Cantaloupe & Prosciutto with Balsamic Vinegar
Slice cantaloupe into wedges. Wrap prosciutto around cantaloupe and drizzle with balsamic vinegar.
Arrange on a platter and garnish with thin slivers of fresh basil, if desired.
Watermelon & Tomato Salad
Cut watermelon and tomatoes into 1-inch pieces and toss together in a serving bowl.
Sprinkle with feta, drizzle with olive oil and balsamic vinegar, and season with salt and pepper.
Pickled Watermelon Rind
Cut watermelon rind into 1-inch squares. Boil in lightly salted water until soft. Drain.
Combine 2 cups sugar, 1 1/4 cups apple cider vinegar and 1/2 tsp. pickling spice. Bring to a boil and pour over rind. Let cool, then cover and refrigerate in liquid at least 2 hours and up to 2 weeks.
Melon with Basil, Honey & Lime
Cut a honeydew melon and cantaloupe into 1-inch pieces and toss together in a bowl.
Stir together chopped basil, honey and lime juice. Add to melon bowl and toss to combine.
Finely dice melon, cucumber, serrano chile and shallot. Stir together in a bowl.
Add chopped fresh mint, lime juice and salt and pepper to taste. Toss to combine. Serve with grilled fish, meat or chips.
Mixed Melon Granita
Purée cantaloupe and honeydew melon, simple syrup and lime juice. Pour into rectangular pan and place in freezer.
Every 20 minutes, scrape mixture with a fork to create ice crystals. Serve when completely frozen.
Melons, such as cantaloupe and watermelon, are generally at their peak from midsummer to early fall. Smooth-skinned melons like honeydew are at their best during the cooler autumn months.
Ripe melons have a strong, sweet fragrance and give slightly when pressed at both ends. A fully ripe melon may have tiny cracks at the stem end. Choose melons that are heavy for their size and free of deep blemishes, shriveled peel or soft, moldy areas. Look for a large, pale yellow (but not white, soft or moldy) patch on one side of a watermelon, indicating it was left on the vine to ripen and is likely to be sweeter. For the juiciest ones, knock on the melon and listen for a deep resonance.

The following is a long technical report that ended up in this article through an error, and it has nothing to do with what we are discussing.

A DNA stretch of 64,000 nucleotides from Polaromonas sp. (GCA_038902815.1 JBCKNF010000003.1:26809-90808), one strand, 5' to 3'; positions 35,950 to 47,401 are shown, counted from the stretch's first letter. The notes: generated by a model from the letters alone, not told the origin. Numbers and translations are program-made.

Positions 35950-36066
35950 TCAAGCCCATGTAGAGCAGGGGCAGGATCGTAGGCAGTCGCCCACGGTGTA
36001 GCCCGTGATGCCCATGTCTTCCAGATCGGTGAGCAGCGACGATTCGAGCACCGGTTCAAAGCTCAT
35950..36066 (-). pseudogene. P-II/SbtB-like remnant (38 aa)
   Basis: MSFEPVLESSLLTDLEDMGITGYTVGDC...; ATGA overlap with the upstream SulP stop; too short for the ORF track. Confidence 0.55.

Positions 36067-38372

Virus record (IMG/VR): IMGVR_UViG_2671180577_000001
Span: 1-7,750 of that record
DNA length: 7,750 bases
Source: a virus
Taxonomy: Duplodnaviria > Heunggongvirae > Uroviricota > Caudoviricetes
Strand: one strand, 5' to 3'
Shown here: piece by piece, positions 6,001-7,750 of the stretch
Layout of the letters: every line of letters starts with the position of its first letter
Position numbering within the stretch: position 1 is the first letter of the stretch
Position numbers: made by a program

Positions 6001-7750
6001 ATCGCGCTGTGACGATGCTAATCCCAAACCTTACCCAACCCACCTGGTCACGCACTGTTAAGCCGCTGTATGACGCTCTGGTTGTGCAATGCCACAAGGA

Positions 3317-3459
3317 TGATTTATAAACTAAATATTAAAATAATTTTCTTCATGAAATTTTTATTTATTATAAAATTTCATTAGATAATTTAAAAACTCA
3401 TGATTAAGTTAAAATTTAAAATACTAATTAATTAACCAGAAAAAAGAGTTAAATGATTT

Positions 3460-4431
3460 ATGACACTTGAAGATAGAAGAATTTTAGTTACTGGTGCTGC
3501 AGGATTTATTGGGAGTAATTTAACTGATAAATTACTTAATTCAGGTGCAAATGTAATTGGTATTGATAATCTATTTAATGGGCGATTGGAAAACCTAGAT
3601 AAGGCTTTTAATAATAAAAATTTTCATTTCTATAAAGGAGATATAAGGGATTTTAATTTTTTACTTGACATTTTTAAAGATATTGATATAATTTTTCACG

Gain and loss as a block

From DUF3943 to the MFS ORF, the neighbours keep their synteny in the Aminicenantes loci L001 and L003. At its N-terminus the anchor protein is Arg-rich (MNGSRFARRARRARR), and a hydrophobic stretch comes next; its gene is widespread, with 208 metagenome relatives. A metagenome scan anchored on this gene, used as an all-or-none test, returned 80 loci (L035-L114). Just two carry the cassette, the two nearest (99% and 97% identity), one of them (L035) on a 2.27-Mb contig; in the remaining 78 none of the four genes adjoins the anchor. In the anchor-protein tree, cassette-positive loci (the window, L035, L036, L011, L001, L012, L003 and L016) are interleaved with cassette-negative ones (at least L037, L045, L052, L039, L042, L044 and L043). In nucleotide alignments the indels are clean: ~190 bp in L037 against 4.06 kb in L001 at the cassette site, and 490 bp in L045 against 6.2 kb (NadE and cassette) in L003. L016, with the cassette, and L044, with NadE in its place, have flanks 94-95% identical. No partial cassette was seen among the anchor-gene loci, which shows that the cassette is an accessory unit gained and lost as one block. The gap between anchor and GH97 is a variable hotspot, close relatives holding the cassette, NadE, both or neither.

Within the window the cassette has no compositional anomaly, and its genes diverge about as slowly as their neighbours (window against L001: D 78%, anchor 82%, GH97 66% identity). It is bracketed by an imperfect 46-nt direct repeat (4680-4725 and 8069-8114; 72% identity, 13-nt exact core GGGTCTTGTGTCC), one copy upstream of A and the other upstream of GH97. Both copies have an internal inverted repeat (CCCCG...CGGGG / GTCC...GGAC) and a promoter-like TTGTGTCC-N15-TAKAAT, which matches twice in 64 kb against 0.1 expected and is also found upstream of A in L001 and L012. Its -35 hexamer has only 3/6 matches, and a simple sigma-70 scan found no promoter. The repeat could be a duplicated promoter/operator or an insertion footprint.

Cut melons in half and scoop out their seeds with a large spoon. To keep the melon moist, peel and cut off slices only as they are needed. Melons taste sweeter if served at room temperature or only slightly chilled. Remove them from the refrigerator about 30 minutes before serving. For watermelon, use a large, sharp knife, carefully cutting the melon in half, lengthwise or crosswise. Scrape out and discard as many seeds as possible. So-called seedless watermelons may have small white seeds; though they are edible, many cooks remove them before using in recipes.
Store ripe melons in the refrigerator for up to 5 days. Although it will not obtain the flavor of a vine-ripened one, an unripe melon will sweeten slightly if left in a paper bag at room temperature for a few days. An exception is the honeydew, which will stay only as sweet as it was when harvested. Refrigerate whole and cut watermelons because, after they are picked from the vine, their flesh becomes increasingly dry and fibrous in warm temperatures. Although best eaten as soon as possible, a whole watermelon can stay in the refrigerator for up to 1 week. If it is too big to fit in the refrigerator, store the melon in a cold, dark place for no more than 3 days. Cover cut pieces with plastic wrap or place in an airtight container.